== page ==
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Politics Responsible

Politics Responsible Innovation: Impact with NatureWorks Article contributed by Erwin Vink Environmental Affairs Manager, NatureWorks LLC On October 1, 2007, NatureWorks LLC became a 50/50 joint venture (JV) between Cargill of USA and Teijin of Japan. The company applies its proprietary technology to process natural plant sugars into a family of NatureWorks ® biopolymers, which are then used to make and market finished products under the Ingeo TM brand name. The new JV provides an elegant combination of the ‘front end’ feedstock technology of Cargill with the ‘back end’ applications and polymer expertise of Teijin. This new investment allows NatureWorks LLC to continue the expansion of the Blair, Nebraska, facility to maximize its 140,000 metric ton name-plate capacity. This capacity is on plan to be available late 2008/early 2009. In addition, the new JV is expected to increase NatureWorks reach into key market areas such as the Asia Pacific. NatureWorks LLC is committed to producing polymers from annually renewable resources, which meet the world‘s needs of today without compromising the earth‘s ability to meet the needs of tomorrow. Within this philosophy NatureWorks LLC defined their environmental objectives and concrete plans including: 1. Sourcing raw materials from renewable feedstock 2. Reducing fossil or non-renewable energy use 3. Reducing greenhouse gas emissions 4. Minimizing water use 5. Eliminating waste and byproducts and 6. In a vision of zero waste, providing the greatest number of end-of-life options. A key world concern today is the availability and price of petroleum resources and the increasing levels of greenhouse gases in the atmosphere leading to global climate change. These concerns are concentrated around carbon and how to manage carbon in a more sustainable and environmentally responsible manner. Carbon is the major building block of biobased and petroleum-based products, biotech products, fuels and even life itself. The value proposition of bio/renewable feedstock is to replace ‘old’ (fossil) carbon with ‘new’ (biobased) carbon. Carbon is the key The sequestration of carbon from biomass has been a process taking place for millions of years and leading to the huge resources of petroleum, natural gas and coal. These raw materials have been used by modern society for the last hundred plus years to produce polymers, chemicals and fuels meaning that much of the carbon that has been sequestered during these millions of years has been released into the atmosphere within a time frame of 100-200 years. It is assumed that this increase of carbon dioxide (and other greenhouse gases) has been a significant contributor to climate change on a global scale. The bio-chemical industry can help remedy this imbalance by closing the short-cycle carbon dioxide loop by converting the carbon sequestered in biomass and crops during the growing season directly into polymers, chemicals and fuels. In theory it is a carbon-neutral system. Of course the bio-chemical industry also needs fuels to drive its processes. The key to success is to minimize this fossil energy use or to replace it with renewable energy sources such as biomass and wind energy. 28 bioplastics MAGAZINE [02/08] Vol. 3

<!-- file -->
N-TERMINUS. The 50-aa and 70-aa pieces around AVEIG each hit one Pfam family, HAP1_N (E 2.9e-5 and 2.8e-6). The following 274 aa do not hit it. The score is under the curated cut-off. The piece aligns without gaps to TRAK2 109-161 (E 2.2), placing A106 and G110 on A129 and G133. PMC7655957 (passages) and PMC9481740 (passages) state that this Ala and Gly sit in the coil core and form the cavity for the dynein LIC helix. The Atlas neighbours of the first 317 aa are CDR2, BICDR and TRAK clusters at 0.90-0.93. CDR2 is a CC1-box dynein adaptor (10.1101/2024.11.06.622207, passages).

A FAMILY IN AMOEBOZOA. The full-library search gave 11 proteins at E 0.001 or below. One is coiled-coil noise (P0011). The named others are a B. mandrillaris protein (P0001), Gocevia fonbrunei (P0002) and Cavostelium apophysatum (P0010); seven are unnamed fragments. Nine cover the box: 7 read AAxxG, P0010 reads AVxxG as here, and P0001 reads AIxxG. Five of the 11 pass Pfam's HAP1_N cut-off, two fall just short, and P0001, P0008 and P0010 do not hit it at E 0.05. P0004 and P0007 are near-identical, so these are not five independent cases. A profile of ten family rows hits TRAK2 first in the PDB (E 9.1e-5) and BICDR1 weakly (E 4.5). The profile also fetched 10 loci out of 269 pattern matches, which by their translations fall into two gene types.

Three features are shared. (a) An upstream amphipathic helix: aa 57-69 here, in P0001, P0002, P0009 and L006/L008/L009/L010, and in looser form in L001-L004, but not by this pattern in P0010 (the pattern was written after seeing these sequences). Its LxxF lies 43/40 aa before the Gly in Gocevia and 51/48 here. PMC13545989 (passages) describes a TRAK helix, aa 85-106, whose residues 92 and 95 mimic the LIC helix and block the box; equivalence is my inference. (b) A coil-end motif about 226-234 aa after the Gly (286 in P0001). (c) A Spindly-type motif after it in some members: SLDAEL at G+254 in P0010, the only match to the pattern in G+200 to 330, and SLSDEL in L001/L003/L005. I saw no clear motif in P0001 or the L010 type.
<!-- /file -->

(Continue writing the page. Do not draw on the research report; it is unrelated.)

Politics Reducing Environmental Biopolymer Bioplastics vs. food ? • For polymers like polylactide (PLA), fermentable sugars are required as the basic raw material. Today sugars can come from e.g. corn, wheat, potatoes, sugar cane, sugar beets, or rice. In the near future the bio-chemical industry will use alternatives like straw, corn stover or bagasse. There are various drivers for this change including: • Avoiding competition with food. It is expected that the world population will grow from 6.7 billion people today to 10 billion people around 2035, so industry has to look for non-food feedstock. • Lowering the costs so more people can afford these bioplastic-based consumer good products, man-made fiber articles and packaging materials. • Improving the life cycle of these biopolymers (less fossil resource use, less greenhouse gas emissions). • More efficient use of land. • More outlets for agricultural waste streams will lead to additional revenues for farmers. • Locally grown crops helping developing local economies which so also become less dependent on the few oilproducing countries today. It is not expected that bio-materials will replace all fossil-based materials, but by replacing a part of them, the fossil resources will remain available for future generations. Today there is some tension on the world food market especially due to increasing prices of agricultural products. This is caused by several factors. A key factor are the growing economies in South East Asia where people are eating more meat and therefore creating the need to produce more feed for agricultural feedstock. Another factor is the policy of having lower stocks in place and increased reliance on the world market. In the past these stocks were used to balance lower local or regional harvests. And finally, to a lesser extent, the increased production of biofuels. All these factors are leading to higher demands and so higher prices. The effect of producing Nature- Works biopolymer in this mix is very limited. Assuming a name-plate capacity of 140,000 metric tons, about 0.12% of US corn is used. Even if the capacity triples in the next 10 years, the impact remains below 0.5%. Short term, the increased demand on agricultural feedstock can be balanced by taking more land into production and increasing the yield per hectare. In many countries the yields are still rather low. Longer term, the increased use could be balanced by switching to the use of agricultural waste streams in combination with the development of other more efficient / higher yield crops. Genetically modified crops are not required to produce NatureWorks biopolymer. Due to the current plant location – Blair, Nebraska, - a mixed stream of conventional and genetically modified corn is used. To meet the needs of the market NatureWorks LLC has developed a three tiered program consisting of Certification, Feedstock Sourcing and Identity Preservation. Certification confirms the absence of genetically modified material in NatureWorks bio-polymer by lot, order, and run. This is conducted periodically through the year by GeneScan, Inc., an internationally recognized certification organization. With the Feedstock Sourcing program, our commercial partners are offered the option to support the production and delivery of conventional corn in relation to their NatureWorks biopolymer purchase. For every kilo of NatureWorks biopolymer purchased, NatureWorks LLC will purchase, verify and deliver 2.7 kilos of conventional corn to the corn mill at a slightly higher price. The last program is called Identity Preservation (IP). For the last two years, large-volume customers with multiple-year supply contracts are given the opportunity to purchase NatureWorks biopolymer sourced and produced from 100% conventional corn. This program requires a minimum volume commitment of 20 million pounds (approx. 10,000 metric tons). NatureWorks LLC is finalizing an alternative IP option, in which customers are given the opportunity to purchase for specific applications NatureWorks biopolymer produced from lactic acid which is derived from a 100% GM free feedstock. This route has the advantage that it can start with lower volume commitments (approximately 5 million pounds or 3,000 metric tons). The volumes mentioned can be shared among various customers. Both options have significant lead time in order to insure execution. End of life options NatureWorks biopolymer (polylactide, or PLA) offers more disposal options than any other plastic. In addition to the traditional disposal options for petrochemical-based polymers (landfill, incineration and mechanical recycling) bioplastics MAGAZINE [02/08] Vol. 3 29